This Day In History- Lou Gehrig Was Elected To Baseball’s Hall Of Fame

December 7th

Today in 1787, Delaware became the first state to ratify the U.S. Constitution.

Today in 1808, James Madison was elected the 4th President of the United States, while George Clinton was elected Vice-President.

Today in 1877,inventor Thomas Edison demonstrated his hand-cranked phonograph for the first time – to the editors of "Scientific American."

Today in 1909, inventor Leo Baekeland patented Bakelite, the first thermo-setting plastic, thus sparking the birth of the plastics industry.

Today in 1917, the United States became the 13th country to declare war on Austria-Hungary during World War I.

Today in 1939, Lou Gehrig was elected to baseball’s Hall of Fame.

Today in 1941, the Imperial Japanese Navy attacked the American fleet at Pearl Harbor Naval Base, Hawaii with 353 planes – killing 2404 people.

Today in 1963, instant replay was used for the first time. The occasion? An Army-Navy football game.

Today in 1972, Apollo 17 – the United States’ final manned lunar landing mission – launched.

Today in 1982, Charles Brooks, Jr. became the first person to be executed by lethal injection in the US. The execution occurred in Texas, which is the national leader in executions.

Today in 1993, a shooter murdered six people and injured 19 others on the Long Island Rail Road in Nassau County, New York. Calling the gunman a “selfish, self-righteous coward,” Judge Donald E. Belfi delivered a sentence of 315 years and eight months to life, meaning his current earliest possible parole date is August 6th, 2309.

Today in 1994, Howard Stern talked a man out of committing suicide live on the air. Emilio Bonilla called into the show while from the George Washington Bridge saying he was about to jump. Stern kept him on the air – and other listeners stopped on the bridge to help – until the authorities arrived at the scene.

Today in 1995, the American space probe Galileo began orbiting Jupiter.

Today in 1999, the RIAA filed a lawsuit against the Napster file-sharing client Sean Parker, on charges of copyright infringement. It’s been referred to as “The Day Napster Died” – though it was only temporary. The technology was later purchased by Roxio, and now (after being purchased by Rhapsody), has a brand new – legal – lease on life.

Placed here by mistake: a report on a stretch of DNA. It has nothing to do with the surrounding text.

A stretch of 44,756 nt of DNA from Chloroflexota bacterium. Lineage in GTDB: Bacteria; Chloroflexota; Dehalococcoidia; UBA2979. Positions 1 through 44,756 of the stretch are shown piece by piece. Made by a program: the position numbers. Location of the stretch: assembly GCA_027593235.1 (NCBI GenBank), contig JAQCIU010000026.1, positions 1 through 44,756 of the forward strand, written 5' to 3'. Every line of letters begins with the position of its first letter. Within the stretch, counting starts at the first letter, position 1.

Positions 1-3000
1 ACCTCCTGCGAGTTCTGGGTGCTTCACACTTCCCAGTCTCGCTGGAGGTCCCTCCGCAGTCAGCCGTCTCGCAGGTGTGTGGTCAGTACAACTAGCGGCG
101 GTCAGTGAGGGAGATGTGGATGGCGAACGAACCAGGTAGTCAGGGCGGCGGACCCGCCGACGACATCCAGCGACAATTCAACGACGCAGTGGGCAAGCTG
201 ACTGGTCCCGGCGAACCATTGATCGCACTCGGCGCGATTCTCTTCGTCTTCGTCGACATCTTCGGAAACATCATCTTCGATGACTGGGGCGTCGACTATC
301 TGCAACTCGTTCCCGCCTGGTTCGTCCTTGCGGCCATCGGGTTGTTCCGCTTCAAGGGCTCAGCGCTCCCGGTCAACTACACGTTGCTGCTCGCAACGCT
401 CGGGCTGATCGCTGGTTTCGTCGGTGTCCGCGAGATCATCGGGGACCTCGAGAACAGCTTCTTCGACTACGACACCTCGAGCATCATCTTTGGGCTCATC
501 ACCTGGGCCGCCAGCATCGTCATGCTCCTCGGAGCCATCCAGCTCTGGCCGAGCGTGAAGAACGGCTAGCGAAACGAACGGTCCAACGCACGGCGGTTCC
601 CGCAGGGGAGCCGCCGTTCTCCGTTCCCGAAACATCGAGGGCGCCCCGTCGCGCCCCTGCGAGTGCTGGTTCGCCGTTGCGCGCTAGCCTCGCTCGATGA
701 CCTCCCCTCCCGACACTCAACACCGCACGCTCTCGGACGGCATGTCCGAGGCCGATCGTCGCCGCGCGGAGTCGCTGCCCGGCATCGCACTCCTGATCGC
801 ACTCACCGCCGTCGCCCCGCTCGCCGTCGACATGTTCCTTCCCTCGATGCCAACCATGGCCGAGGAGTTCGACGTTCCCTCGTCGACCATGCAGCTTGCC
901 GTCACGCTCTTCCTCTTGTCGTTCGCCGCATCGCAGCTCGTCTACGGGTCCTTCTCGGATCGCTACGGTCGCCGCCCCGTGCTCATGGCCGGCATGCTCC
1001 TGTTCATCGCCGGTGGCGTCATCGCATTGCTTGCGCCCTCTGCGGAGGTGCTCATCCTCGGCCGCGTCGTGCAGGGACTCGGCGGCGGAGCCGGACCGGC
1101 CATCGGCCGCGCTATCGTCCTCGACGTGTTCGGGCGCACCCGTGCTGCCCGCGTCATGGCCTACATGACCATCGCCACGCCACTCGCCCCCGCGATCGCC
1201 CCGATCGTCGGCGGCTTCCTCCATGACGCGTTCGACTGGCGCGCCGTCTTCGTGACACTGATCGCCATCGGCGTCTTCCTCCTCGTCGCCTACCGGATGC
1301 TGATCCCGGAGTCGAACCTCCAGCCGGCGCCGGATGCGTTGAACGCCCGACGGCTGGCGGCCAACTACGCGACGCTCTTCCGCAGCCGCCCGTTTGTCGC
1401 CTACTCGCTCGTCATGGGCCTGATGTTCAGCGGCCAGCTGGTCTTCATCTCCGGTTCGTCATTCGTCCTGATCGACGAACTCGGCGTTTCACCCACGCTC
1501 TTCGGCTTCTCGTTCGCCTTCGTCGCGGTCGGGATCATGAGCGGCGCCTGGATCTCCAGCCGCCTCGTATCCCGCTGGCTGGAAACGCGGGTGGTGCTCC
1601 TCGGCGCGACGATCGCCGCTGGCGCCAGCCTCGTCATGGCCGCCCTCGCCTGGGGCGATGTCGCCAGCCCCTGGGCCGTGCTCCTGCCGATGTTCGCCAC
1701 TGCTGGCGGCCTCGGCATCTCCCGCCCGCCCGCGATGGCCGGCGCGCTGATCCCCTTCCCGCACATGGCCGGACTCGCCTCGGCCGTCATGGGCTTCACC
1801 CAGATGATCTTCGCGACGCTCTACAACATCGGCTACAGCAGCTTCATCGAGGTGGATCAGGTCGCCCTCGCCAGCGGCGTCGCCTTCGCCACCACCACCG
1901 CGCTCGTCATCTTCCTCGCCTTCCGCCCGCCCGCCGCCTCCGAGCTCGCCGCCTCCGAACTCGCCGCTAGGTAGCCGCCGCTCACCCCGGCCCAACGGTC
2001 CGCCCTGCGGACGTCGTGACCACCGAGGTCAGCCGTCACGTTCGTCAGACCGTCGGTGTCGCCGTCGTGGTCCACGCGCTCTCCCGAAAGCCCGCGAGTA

Today in 2005, Rigoberto Alpizar, a passenger on American Airlines Flight 924, claimed to have a bomb…and was shot and killed by a team of US federal air marshals at Miami International Airport.

Today in 2015, “Time” magazine readers named Bernie Sanders their “Person of the Year.”

Today in 2015, then-Presidential candidate Donald Trump proposed banning all Muslims from entering the United States.

Today in 2017, former US gymnastics physician Larry Nasser was sentenced to 60 years on child pornography charges. Then in January 2018, Nasser found himself at the business end of a sentence of 40 to 175 years in prison for the seven counts of criminal sexual conduct he plead guilty to. This, after 150 young women testified about his prolific sex abuse that continued for decades.

Today in 2018, court filings by federal prosecutors and Special Counsel Robert Mueller against Michael Cohen appeared to implicate President Donald Trump on campaign fraud and Russian dealings. Trump has consistently denied any such involvement.

Today in 2020, Breaking, the competitive form of breakdancing, was confirmed as an Olympic sport for the Paris 2024 games.

Today in 2020, Coca-Cola was named the world's No. 1 plastic polluter, in Break Free From Plastic's annual brand audit. While Pepsi and Nestle were on the list at second and third, respectively, Coca-Cola was worse that than the two of them combined.

Today in 2020, Bob Dylan sold his entire songwriting catalog of more than 600 songs to the Universal Music Publishing Group for over $300-million. The move was widely seen as the one that tipped the balance and led to any number of legendary artists following suit.

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